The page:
Wednesday, 30 November 2011
Sunday, 20 November 2011
''Thirty years ago and one block from the site of this exhibition, Gordon Matta-Clark created one of his most important works, turning an abandoned Hudson pier warehouse into a “sun-and-water temple” that he called Day’s End. During the summer of 1975, Matta-Clark made a series of large cuts into a 600-ft long metal hangar on Pier 52 that had once belonged to the Baltimore and Ohio Railroad Company. Removing sections of the floor and ceiling, along with portions of the western and southern sides of the building, the artist exposed the river and sky, creating a changing sculpture of light out of a structure the city had largely abandoned.
Though not his first use of a Hudson pier—others included Untitled Performance (1971) and Pier In/Out (1973)—Day’s Passing, as the work was also known, incurred the wrath of the law. Matta-Clark’s opening event was shut down by the police, and dock authorities immediately locked the warehouse. The artist had hoped to let visitors in twice a week during the fall of 1975, but he soon found himself facing an arrest warrant and the threat of a million-dollar lawsuit. After leaving the country, Matta-Clark argued that he had created an indoor park, beautifying a decrepit space. The claims were eventually dropped.
This film—or rather, the filing for a film permit by two of Matta-Clark’s friends—seems to have been what tipped off the authorities. Though stuck in a confiscated and inaccessible state, Day’s End survived longer than many of his other works. A quick walk from the exhibition to the end of Gansevoort Street brings you to Pier 52, which survives today as a Department of Sanitation parking lot.''
Thursday, 17 November 2011
In 2002 Damián Ortega collaborated with Italian glassblowers to make alterations to 120 Coca Cola Bottles. Entitled “120 Days”—in reference both to the de Sade novel “The 120 Days of Sodom” and to the film Salò—this artwork follows the logic of the package-as-body metaphor to it logical (sadistic) conclusion.
From Greg Cook’s Interview with Damian Ortega
“The idea of the Coke, the disorder produces fun but also some strange feeling, like something is wrong. ‘This Coca-Cola is so weird. Something’s wrong with them.’ It’s like the birds in the Hitchcock film, no? It’s like, hmm. Who are we? What are we doing? What are we thinking? What is our own relationship with the objects within society or the context.”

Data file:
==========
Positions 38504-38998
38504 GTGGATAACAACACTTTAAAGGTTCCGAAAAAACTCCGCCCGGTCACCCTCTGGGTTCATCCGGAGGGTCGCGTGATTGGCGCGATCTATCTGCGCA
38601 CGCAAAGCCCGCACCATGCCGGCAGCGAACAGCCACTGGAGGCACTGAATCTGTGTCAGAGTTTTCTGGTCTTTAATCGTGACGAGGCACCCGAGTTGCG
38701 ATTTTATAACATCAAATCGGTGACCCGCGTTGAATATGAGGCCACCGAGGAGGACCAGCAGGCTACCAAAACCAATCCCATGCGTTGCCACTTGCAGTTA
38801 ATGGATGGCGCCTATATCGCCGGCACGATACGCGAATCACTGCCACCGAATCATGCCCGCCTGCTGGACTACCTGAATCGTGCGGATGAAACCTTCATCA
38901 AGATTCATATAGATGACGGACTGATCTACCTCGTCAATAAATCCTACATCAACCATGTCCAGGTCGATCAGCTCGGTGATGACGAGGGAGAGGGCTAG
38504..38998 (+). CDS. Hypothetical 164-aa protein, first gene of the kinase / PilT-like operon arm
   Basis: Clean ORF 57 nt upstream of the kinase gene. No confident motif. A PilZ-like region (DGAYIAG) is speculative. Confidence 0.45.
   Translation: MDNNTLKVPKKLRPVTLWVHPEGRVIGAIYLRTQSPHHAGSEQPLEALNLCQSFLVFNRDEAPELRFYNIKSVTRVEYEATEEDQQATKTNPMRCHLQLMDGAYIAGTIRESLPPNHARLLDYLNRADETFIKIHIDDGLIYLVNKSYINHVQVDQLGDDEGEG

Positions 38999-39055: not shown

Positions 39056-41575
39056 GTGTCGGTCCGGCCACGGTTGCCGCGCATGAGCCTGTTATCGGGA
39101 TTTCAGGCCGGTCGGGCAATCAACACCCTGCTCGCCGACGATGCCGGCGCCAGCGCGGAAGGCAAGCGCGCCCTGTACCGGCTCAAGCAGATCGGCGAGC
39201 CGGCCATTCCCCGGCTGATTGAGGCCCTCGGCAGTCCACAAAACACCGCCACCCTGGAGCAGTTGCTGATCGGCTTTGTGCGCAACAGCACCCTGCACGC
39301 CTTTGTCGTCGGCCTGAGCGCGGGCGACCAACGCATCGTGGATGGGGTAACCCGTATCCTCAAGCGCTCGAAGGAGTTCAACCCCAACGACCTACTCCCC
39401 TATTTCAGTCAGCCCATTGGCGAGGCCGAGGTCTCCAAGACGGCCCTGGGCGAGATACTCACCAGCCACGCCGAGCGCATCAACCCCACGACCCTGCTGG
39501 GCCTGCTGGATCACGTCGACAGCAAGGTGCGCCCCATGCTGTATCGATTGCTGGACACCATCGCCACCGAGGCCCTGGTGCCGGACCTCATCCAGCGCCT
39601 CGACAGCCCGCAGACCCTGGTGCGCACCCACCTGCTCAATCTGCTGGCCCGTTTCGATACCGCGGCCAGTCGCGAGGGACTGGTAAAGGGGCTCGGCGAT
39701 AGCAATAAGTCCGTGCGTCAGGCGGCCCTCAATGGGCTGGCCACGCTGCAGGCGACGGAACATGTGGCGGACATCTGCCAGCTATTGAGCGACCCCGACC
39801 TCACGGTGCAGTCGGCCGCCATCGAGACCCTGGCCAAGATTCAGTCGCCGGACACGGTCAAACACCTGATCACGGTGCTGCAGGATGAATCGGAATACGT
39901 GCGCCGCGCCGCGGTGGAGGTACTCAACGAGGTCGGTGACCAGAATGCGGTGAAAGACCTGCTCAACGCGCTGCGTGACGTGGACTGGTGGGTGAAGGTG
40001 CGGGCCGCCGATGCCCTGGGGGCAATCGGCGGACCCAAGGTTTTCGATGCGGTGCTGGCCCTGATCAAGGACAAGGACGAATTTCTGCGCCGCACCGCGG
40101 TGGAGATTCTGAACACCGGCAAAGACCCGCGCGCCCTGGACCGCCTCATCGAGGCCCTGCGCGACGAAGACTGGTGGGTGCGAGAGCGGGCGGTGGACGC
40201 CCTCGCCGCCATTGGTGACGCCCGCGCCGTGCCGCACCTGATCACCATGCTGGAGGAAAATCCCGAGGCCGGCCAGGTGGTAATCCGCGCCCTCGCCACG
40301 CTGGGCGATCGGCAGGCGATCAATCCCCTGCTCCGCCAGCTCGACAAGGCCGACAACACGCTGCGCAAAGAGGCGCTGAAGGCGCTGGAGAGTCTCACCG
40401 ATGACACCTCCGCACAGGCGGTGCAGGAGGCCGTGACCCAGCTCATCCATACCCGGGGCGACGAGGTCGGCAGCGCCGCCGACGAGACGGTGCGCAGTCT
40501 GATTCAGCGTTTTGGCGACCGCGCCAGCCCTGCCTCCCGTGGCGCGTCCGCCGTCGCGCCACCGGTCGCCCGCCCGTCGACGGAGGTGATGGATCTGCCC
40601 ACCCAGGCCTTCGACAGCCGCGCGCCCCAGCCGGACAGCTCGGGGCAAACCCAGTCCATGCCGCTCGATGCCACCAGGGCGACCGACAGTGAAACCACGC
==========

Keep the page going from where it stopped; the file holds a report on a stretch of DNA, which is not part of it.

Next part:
In “Molecula de Glucosa Expandidais” Ortega used bottle caps to make a giant hanging glucose molecule. (Coincidentally alluding to that secret ingredient that has recently set Mexican Coke apart in the minds of some consumers—namely: sugar.)
“Molécula de glucose expandida is a work that deals with the consumption of sugar in Mexico as a collective and cultural phenomenon. It is exhibited as a molecule formed by particles that are soda bottlecaps collected from stores and restaurants in Mexico City. I enlarged the molecule to a huge size. It is a rhizome hanging from the ceiling, growing and expanding in the space like an alien. This work can be grasped from the inside or from the outside. It is a chemical structure, but also a social one: micro and macro.”–Damián Ortega from Champ de Vision, Damián Ortega Part 2
by Anna Hiddleston and Sinziana Ravini
Thursday, 10 November 2011
Thursday, 3 November 2011
Wednesday, 2 November 2011
There isn’t much about Adam Yekutieli’s street art that is immediately distinguishable as Israeli, and in fact his fanciful and compassionate drawings and phrases go against much of what most would recognize as Israel’s characteristically macho culture. Yekutieli is best known by the street tags “Know Hope” and “Please Believe” — phrases that line the boulevards of Tel Aviv and other Israeli cities, and ones that Yekutieli is currently bringing abroad through a summer tour of New York, Los Angeles, London and Stavanger, Norway.
Yekutieli’s whimsical personification of urban objects, such as electrical lines holding hands and speaking light bulbs, calls to mind Dr. Seuss or Shel Silverstein, but his often cryptic messages — such as, “This is for the homeless hearts and anxious fingers,” or, “These every-day breaking points bear minor symphonies” — veer much more toward solemnity.
“I want to address the human conditions that compose the political and social issues that you see in a lot of other street art,” Yekutieli told the Forward.